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March 25 - April 1, 2004
Quebec City and Trois-Rivieres, Quebec
As we continue our
recap of our spring 1998 journey across eastern Canada (by way
of northern Maine), we've left clear skies behind - and downtown
Quebec City, too.
Our last stop in the provincial capital this June day is on
Mount Bel Air, west of the city, where we find nearly all the
city's FM stations. That's CHOI (98.1) on the right, the first
tower you pass on the way up the hill (and the last one you pass
on the way back down.)
At the top of the mountain, several towers sit in close proximity.
I'm pretty sure the ones on the left are home to CJMF (93.3),
CHIK (98.9), CITF (107.5) and CKMI-TV (Channel 20); another nearby
tower holds the CBC's FM services, CBV (95.3), CBVX (100.7),
CBVE (104.7) - and has since added CBC Radio Two outlet CBM-FM-1
(96.1) and CBVT (Channel 11).
Religious CION (90.9) is up here, too.
From Quebec City we headed west along the St. Lawrence River
to Trois-Rivieres, the major city in the region known as the
Our first stop - well, OK, our second stop after a late-ish
lunch - was north of Trois-Rivieres, in Notre-Dame-de-Mont-Carmel
near Shawinigan, a small town perhaps best known as the home
of former prime minister Jean Chretien.
Two tall towers in Mont-Carmel were home to all the FM and
TV signals for the region - and we emphasize were, because
this site was the scene of a tragedy a few years after our visit.
When we visited in 1998, there were two towers here. The short
one, at left in both photos, held TVA affiliate CHEM-TV (Channel
8) and CHEY (94.7); the tall one (more than 300 meters) was crowned
by the antenna of CKTM-TV (Channel 13), the Cogeco-owned Radio-Canada
Moving down from the tower's peak, you see the antenna of
Tele-Quebec educational station CIVC (Channel 45), the antennas
of CBC relay CBMT-1 (Channel 28) and Quatre Saisons outlet CFKM
(Channel 16), then below them Radio-Canada's CBF-FM-1 (104.3),
relaying the chaine culturelle programming from CBFX in Montreal
(and in fact, I believe the calls on 104.3 are now CBFX-1).
Just below that antenna (and, I believe, just under the big
ice shield) was another set of FM bays shared by CBC English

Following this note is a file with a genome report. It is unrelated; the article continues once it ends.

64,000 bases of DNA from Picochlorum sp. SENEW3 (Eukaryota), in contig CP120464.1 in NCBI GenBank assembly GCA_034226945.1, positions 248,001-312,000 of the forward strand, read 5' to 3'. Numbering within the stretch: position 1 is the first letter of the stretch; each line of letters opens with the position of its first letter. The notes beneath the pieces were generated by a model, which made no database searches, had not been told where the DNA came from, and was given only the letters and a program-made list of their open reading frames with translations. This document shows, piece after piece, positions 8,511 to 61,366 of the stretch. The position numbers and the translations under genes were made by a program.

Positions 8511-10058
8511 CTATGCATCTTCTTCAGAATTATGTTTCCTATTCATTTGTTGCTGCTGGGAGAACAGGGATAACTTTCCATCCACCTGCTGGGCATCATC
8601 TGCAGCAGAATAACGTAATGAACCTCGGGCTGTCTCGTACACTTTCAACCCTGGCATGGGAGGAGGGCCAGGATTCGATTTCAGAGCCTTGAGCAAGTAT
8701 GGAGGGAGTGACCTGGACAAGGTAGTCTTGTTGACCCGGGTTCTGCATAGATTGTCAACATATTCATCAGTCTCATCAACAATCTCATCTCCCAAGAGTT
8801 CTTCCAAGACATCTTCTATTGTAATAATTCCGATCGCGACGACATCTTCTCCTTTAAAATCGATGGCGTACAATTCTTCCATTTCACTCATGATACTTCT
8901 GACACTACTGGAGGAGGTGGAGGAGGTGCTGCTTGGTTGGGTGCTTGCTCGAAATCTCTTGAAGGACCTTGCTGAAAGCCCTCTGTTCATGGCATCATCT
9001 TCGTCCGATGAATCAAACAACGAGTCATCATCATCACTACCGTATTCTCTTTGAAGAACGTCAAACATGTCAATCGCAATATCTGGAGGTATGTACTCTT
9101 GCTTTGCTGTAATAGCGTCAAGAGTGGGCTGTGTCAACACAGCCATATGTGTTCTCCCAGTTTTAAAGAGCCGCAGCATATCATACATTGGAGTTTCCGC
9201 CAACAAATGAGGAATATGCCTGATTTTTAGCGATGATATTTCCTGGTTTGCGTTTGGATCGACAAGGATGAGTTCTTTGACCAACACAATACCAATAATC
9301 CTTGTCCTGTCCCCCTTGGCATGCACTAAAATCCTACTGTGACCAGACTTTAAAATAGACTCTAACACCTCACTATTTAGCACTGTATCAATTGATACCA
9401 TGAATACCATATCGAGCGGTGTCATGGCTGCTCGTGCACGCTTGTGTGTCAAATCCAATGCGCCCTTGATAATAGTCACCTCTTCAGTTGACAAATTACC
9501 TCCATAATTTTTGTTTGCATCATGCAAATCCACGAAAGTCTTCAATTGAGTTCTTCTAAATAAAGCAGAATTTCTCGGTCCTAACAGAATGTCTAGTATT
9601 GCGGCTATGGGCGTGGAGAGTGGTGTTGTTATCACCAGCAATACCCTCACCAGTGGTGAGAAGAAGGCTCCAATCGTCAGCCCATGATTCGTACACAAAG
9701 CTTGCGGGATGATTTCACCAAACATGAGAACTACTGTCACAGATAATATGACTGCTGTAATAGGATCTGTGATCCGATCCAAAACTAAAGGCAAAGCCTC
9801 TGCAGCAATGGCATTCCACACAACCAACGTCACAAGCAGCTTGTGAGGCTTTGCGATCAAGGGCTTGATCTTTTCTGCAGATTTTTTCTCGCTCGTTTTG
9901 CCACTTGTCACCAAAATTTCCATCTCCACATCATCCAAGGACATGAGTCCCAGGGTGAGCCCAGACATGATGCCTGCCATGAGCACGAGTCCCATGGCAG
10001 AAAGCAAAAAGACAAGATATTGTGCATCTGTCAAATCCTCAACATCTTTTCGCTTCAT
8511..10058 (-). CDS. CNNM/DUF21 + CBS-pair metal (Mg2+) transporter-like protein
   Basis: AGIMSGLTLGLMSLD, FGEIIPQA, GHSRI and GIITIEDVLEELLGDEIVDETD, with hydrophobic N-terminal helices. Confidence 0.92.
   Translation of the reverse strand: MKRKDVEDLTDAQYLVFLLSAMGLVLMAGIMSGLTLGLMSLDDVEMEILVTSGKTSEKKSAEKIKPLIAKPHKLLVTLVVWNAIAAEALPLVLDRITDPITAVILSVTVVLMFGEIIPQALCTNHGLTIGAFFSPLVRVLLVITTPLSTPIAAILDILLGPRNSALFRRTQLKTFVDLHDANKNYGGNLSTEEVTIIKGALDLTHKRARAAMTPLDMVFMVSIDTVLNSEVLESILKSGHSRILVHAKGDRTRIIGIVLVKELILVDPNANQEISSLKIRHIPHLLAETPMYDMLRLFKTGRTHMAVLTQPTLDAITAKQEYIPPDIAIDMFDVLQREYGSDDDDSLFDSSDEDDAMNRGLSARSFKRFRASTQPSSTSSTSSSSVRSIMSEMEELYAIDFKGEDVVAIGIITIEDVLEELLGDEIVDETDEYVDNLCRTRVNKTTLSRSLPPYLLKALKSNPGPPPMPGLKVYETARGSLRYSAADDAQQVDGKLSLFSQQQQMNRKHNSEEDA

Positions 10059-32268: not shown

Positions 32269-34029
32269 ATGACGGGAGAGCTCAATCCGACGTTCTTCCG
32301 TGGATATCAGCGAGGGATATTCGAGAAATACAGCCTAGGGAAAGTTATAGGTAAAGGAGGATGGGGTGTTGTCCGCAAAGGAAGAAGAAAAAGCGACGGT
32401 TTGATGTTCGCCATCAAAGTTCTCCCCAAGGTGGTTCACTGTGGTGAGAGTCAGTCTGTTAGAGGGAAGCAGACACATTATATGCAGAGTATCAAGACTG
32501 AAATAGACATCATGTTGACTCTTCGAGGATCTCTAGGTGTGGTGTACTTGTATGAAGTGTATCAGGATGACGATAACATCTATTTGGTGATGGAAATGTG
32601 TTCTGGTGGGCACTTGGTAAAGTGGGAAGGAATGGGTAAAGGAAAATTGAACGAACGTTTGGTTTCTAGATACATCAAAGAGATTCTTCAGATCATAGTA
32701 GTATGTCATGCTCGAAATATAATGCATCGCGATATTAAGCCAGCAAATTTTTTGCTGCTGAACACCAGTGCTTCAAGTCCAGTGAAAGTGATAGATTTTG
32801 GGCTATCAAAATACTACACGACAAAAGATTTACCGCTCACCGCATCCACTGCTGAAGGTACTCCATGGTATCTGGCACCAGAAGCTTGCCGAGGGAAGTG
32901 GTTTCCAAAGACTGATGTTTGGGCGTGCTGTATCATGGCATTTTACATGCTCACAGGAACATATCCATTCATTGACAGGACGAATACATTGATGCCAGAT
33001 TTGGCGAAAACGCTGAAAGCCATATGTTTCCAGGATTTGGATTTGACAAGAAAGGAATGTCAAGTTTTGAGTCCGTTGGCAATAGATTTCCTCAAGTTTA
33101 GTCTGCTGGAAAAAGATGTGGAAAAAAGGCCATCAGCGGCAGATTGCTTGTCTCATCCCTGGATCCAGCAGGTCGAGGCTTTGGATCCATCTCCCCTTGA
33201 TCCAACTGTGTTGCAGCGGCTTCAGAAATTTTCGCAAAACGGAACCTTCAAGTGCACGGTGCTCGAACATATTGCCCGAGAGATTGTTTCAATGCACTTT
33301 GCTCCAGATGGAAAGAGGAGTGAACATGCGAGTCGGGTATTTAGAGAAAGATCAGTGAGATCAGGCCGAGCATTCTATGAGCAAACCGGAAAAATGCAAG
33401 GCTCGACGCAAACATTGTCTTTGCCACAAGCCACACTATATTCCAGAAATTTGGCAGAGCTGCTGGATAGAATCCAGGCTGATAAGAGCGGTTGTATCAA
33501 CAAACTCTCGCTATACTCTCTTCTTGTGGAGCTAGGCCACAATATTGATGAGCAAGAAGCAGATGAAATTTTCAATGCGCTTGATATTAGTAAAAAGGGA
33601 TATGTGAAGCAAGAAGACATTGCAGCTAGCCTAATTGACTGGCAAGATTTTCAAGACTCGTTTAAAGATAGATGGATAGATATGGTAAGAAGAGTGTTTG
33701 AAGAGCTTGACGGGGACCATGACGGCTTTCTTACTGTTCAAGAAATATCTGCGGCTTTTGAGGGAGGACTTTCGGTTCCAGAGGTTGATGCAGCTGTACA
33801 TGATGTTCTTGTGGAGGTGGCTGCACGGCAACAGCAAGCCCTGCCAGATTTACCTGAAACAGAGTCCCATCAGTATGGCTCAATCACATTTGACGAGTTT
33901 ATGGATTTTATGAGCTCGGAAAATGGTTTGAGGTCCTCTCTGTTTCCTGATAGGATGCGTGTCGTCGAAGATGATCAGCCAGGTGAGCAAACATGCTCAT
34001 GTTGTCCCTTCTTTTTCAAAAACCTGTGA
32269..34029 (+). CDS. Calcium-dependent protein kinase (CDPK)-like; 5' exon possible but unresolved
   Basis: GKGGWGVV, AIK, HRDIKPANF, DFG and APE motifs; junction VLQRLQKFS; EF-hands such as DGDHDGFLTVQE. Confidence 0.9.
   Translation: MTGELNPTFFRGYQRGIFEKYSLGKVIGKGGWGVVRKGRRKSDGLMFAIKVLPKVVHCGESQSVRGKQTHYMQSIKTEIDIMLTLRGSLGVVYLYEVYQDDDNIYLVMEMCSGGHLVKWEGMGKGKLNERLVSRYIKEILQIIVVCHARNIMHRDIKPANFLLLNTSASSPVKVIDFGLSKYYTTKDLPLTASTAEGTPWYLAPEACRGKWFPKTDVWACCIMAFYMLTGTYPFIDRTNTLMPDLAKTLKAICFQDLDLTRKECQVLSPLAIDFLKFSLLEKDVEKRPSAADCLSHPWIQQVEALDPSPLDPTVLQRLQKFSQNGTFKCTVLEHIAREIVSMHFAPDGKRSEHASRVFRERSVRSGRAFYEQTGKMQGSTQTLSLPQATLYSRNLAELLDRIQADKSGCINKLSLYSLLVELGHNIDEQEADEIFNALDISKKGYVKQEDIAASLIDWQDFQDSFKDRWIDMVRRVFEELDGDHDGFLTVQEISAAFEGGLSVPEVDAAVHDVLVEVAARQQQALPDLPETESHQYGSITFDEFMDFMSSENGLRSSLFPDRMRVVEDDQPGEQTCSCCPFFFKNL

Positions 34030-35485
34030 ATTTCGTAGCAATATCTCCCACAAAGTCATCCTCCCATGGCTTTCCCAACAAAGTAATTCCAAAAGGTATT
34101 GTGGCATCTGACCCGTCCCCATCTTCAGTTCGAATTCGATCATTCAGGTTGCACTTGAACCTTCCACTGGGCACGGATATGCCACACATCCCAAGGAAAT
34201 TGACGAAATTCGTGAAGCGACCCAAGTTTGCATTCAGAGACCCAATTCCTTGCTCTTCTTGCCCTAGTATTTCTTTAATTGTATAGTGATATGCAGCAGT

relay CBMZ (106.9) and Radio-Canada premiere chaine relay CBF-8-FM
(88.1, now CBF-FM-8). Finally, there was CIGB (102.3), the "Energie"
dance-CHR outlet based in Trois-Rivieres.
on April 23, 2001, a small plane hit the top of the tower, apparently
right in the middle of the CIVC antenna system, about 300 meters
above the ground.
pilot was killed on impact, but his body remained lodged in the
wreckage of the Cessna's cockpit until the tower was brought
down five days later.
More than a hundred homes surrounding the tower site had to
be evacuated for more than a day while the demolition was being
planned; when it finally happened, the tower simply crumpled
in on itself.
There's a new tower in the area now, though I don't believe
it was rebuilt on precisely the same site - and in the process
of moving towers, the CBC shuffled some of its frequencies in
central Quebec, too. CBMZ is now on 93.9 with somewhat lower
power (not that there are many English-speakers in the area to
listen to it) and CBF-FM-8 is now on 96.5, where it originates
a local morning show.
Heading into Trois-Rivieres, we find a compact downtown core
and the office buildings that are home to the studios of CIGB,
CHEY and CHLN (550). At 3625 Boulevard Chanoine-Moreau, on the
north side of town, we find the studios of TVA's CHEM-TV. Not
too far away, at 1441 Boulevard St.-Jean, we find the TV competition,
the Cogeco building that's home to both Radio-Canada affiliate
CKTM-TV and TQS affiliate CFKM-TV, which are under common ownership
but operate separate newsrooms. (This building also houses the
Mauricie bureau for Radio-Canada's RDI all-news channel.)
And on the south shore of the river, along Highway 132, we
find the lone surviving AM - CHLN 550, with its three towers
- and the nearby site of the former CJTR (1140), where one tower
still stands, carrying two-way radio antennas.
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